ACV v s. Replacement Cost:

Make sure that you understand the difference between the two options. Also understand what a coinsurance penalty is, and how it may apply to your units. Every property, and property owner, for that matter, is different. Your comfort with how these options affect your coverage is vital for you to make an educated decision on which option to carry per property. ACV may be “cheaper”, but could cost you when depreciation is applied to a claim.

Liability Limits:

Always carry as much liability protection as you can afford. As a minimum, you should carry $1,000,000 per occurrence. The larger your portfolio, the more liability protection you should have. Surprisingly, there is a minimal premium charge in most cases to double your protection. An umbrella policy is a method to provide liability coverage beyond the standard $1,000,000 or $2,000,000 limits. An umbrella is usually more cost effective when you have more than one type of liability exposure.

Other Structures and Personal Property Coverages:

Don’t forget to protect against loss of detached structures, such as garages, sheds, and outbuildings. Some policies automatically include limits for these. Also remember to protect items in the units such as refrigerators, stoves, and window air conditioning units. Again, some policies may automatically provide built-in protection for these items.

Ordinance and Law Coverage:

This provides protection for additional costs you may occur in order to bring your damaged property “back to code”, as it is repaired from a loss. As time passes and building code changes, most properties are “grandfathered”. However, the repairs that are inspected by the governing municipality are required to be to current code. Hard-wired smoke detectors and handicapped accessibility are two such examples. Without the Ordinance and Law endorsement, such work is typically not covered under your policy. Older properties and multi-unit properties are more at risk for this situation.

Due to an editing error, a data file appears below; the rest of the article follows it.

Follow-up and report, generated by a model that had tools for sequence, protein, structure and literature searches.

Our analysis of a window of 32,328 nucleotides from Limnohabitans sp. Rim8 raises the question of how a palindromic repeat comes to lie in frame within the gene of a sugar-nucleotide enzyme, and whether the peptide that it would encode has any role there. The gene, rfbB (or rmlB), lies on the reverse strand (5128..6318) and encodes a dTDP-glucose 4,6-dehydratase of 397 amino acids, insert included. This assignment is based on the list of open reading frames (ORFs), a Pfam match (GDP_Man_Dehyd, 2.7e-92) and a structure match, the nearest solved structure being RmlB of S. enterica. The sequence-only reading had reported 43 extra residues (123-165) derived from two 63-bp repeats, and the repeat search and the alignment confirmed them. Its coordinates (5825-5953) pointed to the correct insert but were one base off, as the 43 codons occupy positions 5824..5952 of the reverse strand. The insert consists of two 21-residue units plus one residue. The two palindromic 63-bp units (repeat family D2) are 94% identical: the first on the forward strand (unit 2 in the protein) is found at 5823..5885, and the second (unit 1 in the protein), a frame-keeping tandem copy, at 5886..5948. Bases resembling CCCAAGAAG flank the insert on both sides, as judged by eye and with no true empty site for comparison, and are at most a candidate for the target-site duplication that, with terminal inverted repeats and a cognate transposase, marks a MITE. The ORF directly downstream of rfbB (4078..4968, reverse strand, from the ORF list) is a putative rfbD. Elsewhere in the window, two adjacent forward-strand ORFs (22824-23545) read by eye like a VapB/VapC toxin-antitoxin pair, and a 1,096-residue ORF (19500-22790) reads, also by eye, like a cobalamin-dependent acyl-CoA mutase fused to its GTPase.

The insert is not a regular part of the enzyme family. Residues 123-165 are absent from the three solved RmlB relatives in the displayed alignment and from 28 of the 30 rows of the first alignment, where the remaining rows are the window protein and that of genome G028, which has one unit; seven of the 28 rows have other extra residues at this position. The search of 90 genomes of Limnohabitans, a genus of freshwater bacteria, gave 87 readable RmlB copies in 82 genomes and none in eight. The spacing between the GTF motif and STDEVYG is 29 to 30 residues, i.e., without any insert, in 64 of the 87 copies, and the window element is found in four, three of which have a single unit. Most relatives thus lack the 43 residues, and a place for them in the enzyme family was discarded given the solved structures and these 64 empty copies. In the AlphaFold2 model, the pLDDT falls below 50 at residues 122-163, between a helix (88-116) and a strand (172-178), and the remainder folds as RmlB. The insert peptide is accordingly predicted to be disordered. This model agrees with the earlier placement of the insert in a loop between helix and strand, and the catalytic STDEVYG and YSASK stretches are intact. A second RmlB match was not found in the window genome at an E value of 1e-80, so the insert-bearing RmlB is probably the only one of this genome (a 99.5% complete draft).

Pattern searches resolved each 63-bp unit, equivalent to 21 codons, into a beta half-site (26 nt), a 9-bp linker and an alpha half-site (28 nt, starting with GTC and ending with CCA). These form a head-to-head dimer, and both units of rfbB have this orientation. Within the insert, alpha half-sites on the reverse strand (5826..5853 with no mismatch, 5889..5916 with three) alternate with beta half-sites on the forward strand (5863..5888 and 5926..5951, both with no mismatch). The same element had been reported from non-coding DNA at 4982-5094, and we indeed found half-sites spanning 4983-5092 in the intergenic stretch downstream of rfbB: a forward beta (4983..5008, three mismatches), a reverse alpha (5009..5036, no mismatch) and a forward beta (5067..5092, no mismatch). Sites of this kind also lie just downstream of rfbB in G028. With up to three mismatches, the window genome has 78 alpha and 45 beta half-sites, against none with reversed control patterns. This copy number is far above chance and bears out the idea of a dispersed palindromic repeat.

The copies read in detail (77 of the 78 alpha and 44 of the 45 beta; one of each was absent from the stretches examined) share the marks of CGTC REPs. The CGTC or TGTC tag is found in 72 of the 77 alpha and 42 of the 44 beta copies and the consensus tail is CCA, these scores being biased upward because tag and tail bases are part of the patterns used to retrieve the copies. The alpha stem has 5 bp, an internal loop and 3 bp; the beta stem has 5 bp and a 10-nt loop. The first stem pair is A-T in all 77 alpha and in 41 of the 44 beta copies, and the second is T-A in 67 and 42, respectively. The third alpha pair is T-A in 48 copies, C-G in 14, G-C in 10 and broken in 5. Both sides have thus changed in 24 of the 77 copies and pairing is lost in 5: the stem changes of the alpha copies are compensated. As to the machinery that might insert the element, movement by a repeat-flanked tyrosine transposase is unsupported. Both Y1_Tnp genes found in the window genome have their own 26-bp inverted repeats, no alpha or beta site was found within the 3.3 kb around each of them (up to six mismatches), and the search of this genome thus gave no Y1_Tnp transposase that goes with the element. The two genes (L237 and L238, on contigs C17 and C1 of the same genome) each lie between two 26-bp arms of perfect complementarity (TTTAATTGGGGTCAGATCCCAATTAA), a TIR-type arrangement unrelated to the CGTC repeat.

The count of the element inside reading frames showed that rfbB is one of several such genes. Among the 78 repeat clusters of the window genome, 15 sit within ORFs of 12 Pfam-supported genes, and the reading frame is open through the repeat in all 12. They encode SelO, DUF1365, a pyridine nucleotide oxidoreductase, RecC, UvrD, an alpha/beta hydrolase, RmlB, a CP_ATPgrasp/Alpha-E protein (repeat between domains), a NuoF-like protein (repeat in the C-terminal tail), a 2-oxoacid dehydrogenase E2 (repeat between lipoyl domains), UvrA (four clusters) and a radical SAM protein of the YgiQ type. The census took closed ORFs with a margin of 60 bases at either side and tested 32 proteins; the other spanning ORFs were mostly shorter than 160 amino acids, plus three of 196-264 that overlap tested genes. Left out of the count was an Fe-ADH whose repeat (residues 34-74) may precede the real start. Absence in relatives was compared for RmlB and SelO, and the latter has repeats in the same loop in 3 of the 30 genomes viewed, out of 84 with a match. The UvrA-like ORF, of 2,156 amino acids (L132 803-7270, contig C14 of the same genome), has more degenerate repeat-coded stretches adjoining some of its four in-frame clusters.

Loss-of-rents, or Business Income Coverage:

This provides coverage for your lack of rental income, if your tenants are forced out of your property due to a covered loss. Some policies have built-in coverage to a certain time limit, such as 12 months. Other policies may have an endorsement you must purchase at specific levels of coverage. Either way, this is protection all property owners should have.

Deductibles:

Simply stated, the higher your deductible, the lower your premium. If you are a multi-property owner, and your units are insured under separate policies, your deductible will apply, per location, if you are on what is typically referred to as a “package” or “blanket” policy, your deductible usually applies per occurrence. This could be a big difference, out-of-pocket, in the event of a local catastrophe such as a tornado.

Earthquake, Water Backup and Flood Coverage:

Most policies have exclusions for such losses. You can buy these coverages back through endorsements. Make sure you understand how each coverage may apply, respective of your chosen insurance carrier. This will ensure you can make an educated decision on whether you should have any or all of these coverages.

Insuring the Proper Entity:

Make sure you protect YOUR (or your entity’s) interests. It is not worth sacrificing the proper protection to avoid the dreaded “due-on-sale” clause. The entity that owns the property should be the first-named insured. The first-named insured is the primary recipient of policy benefits. Additional insured and loss-payee endorsements may suffice in certain situations. However, as a general rule always aim to be the first-named on the insurance contract.

Using the “Best” Insurance Company: